’Tis mystery all: th’Immortal dies: Who can explore His strange design? In vain the firstborn seraph tries To sound the depths of love divine. ’Tis mercy all! Let earth adore, Let angel minds inquire no more. ’Tis mercy all! Let earth adore; Let angel minds inquire no more.
He left His Father’s throne above So free, so infinite His grace— Emptied Himself of all but love, And bled for Adam’s helpless race: ’Tis mercy all, immense and free, For O my God, it found out me! ’Tis mercy all, immense and free, For O my God, it found out me!
Long my imprisoned spirit lay, Fast bound in sin and nature’s night; Thine eye diffused a quickening ray— I woke, the dungeon flamed with light; My chains fell off, my heart was free, I rose, went forth, and followed Thee. My chains fell off, my heart was free, I rose, went forth, and followed Thee.
Still the small inward voice I hear, That whispers all my sins forgiven; Still the atoning blood is near, That quenched the wrath of hostile Heaven. I feel the life His wounds impart; I feel the Savior in my heart. I feel the life His wounds impart; I feel the Savior in my heart.
No condemnation now I dread; Jesus, and all in Him, is mine; Alive in Him, my living Head, And clothed in righteousness divine, Bold I approach th’eternal throne, And claim the crown, through Christ my own. Bold I approach th’eternal throne, And claim the crown, through Christ my own.
Today was my last exam at ICC. In fact it was my last academic assignment (unless I need to do any resits). It was on Old Testament Theology and the questions I answered were:
To what extent can the theme of the Old Testament be expressed in terms of 'relationship with God'?
What is meant by the biblical concept of a 'covenant' and how is it used in the Old Testament?
"The election of Israel was not the rejection of the nations." Discuss.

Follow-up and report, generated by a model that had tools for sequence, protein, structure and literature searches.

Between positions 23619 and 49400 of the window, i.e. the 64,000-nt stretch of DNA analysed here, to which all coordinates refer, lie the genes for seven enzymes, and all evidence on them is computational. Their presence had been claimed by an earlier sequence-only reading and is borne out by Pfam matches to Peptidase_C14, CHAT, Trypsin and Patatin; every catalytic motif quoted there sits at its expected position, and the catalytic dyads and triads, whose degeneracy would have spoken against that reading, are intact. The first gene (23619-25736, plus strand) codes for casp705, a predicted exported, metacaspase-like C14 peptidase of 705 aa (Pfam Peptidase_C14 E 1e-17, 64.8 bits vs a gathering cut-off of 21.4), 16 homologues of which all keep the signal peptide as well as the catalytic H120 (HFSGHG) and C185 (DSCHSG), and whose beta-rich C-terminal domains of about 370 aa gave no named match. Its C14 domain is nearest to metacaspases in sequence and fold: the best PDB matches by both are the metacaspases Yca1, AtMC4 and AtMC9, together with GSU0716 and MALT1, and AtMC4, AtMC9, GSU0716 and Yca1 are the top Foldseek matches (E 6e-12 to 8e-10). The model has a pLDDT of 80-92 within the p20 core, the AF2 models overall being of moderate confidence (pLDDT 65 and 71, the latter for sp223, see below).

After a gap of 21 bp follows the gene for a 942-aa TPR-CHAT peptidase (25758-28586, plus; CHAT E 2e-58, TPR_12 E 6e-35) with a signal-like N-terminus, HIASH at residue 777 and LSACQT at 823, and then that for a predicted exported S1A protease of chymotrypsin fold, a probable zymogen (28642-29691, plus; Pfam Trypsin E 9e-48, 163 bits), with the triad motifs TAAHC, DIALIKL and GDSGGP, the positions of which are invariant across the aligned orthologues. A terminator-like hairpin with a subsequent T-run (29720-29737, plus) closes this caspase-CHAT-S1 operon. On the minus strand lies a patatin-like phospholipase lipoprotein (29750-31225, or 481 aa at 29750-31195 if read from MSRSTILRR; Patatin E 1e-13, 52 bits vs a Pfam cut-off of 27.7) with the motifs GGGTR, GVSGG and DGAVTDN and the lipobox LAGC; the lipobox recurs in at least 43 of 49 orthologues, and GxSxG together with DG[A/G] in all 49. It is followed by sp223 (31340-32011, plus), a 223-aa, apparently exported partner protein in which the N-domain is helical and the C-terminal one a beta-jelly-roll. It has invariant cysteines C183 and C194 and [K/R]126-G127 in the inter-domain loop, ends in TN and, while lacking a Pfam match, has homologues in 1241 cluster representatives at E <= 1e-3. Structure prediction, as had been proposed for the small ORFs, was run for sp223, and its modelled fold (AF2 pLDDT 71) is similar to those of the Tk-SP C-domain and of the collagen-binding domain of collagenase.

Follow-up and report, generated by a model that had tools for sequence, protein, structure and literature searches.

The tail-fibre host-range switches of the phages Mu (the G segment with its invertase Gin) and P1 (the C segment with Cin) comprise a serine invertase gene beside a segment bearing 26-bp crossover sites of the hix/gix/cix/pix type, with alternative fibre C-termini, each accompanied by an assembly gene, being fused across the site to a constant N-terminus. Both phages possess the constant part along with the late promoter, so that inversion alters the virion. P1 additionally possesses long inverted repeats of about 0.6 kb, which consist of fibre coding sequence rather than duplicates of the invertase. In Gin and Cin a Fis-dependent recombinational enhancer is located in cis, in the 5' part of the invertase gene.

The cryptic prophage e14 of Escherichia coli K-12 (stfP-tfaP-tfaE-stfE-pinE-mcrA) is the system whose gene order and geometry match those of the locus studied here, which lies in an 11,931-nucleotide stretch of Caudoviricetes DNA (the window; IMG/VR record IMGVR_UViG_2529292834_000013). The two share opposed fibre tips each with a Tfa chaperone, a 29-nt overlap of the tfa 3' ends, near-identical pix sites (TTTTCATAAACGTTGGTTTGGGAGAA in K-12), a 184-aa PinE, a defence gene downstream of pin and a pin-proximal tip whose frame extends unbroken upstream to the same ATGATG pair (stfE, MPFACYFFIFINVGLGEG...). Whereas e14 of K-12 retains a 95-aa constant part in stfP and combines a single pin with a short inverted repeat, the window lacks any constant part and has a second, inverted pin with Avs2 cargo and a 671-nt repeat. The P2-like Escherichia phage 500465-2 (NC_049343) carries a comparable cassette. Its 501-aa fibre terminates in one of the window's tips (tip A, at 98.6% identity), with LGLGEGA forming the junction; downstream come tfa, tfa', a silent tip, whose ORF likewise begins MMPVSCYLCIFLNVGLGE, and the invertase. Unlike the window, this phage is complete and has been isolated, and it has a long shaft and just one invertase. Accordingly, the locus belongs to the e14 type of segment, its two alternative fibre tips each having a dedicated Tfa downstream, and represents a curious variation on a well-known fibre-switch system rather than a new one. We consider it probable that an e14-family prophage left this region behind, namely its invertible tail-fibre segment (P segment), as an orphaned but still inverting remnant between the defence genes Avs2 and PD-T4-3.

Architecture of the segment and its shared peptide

I felt that my answer for the last question was my best, the middle question was OK, and I scrambled something together for the first (which I did last) and for which I didn't just want to say the same as in the other two, although I think I could have. I was writing right to the wire and I hope I have done enough - but it was tricky to revise for with so many biblical references needed and so I feel that it could have gone either way, especially if the ones I think I did OK in I didn't...
So that is more or less it. We get the results next week and, all being well, graduate on the 12th July. So, what happens next? Well, I am happy to say that I have a job which I can't wait to get going with. From the 1st July I will be the Assistant Pastor at St Silas. To some extent it is a continuation of the part-time role that I have been in this year - coordinating the Small Groups - but I will also be involved in more regular preaching, pastoral work, outreach and some work with the youth. It has been a great honour to serve God and the congregation at St Silas over the past ten months, and it is a real privilege to be asked to step into this role.
I am a little nervous, a little scared, but really excited too...
Today is our first wedding anniversary. It has been a great year; fun lots of the time, hard at other times, overall - brilliant. I am so blessed to have a loving and beautiful wife who is also my best friend and closest support. I can't wait for all that we will do together in the next year.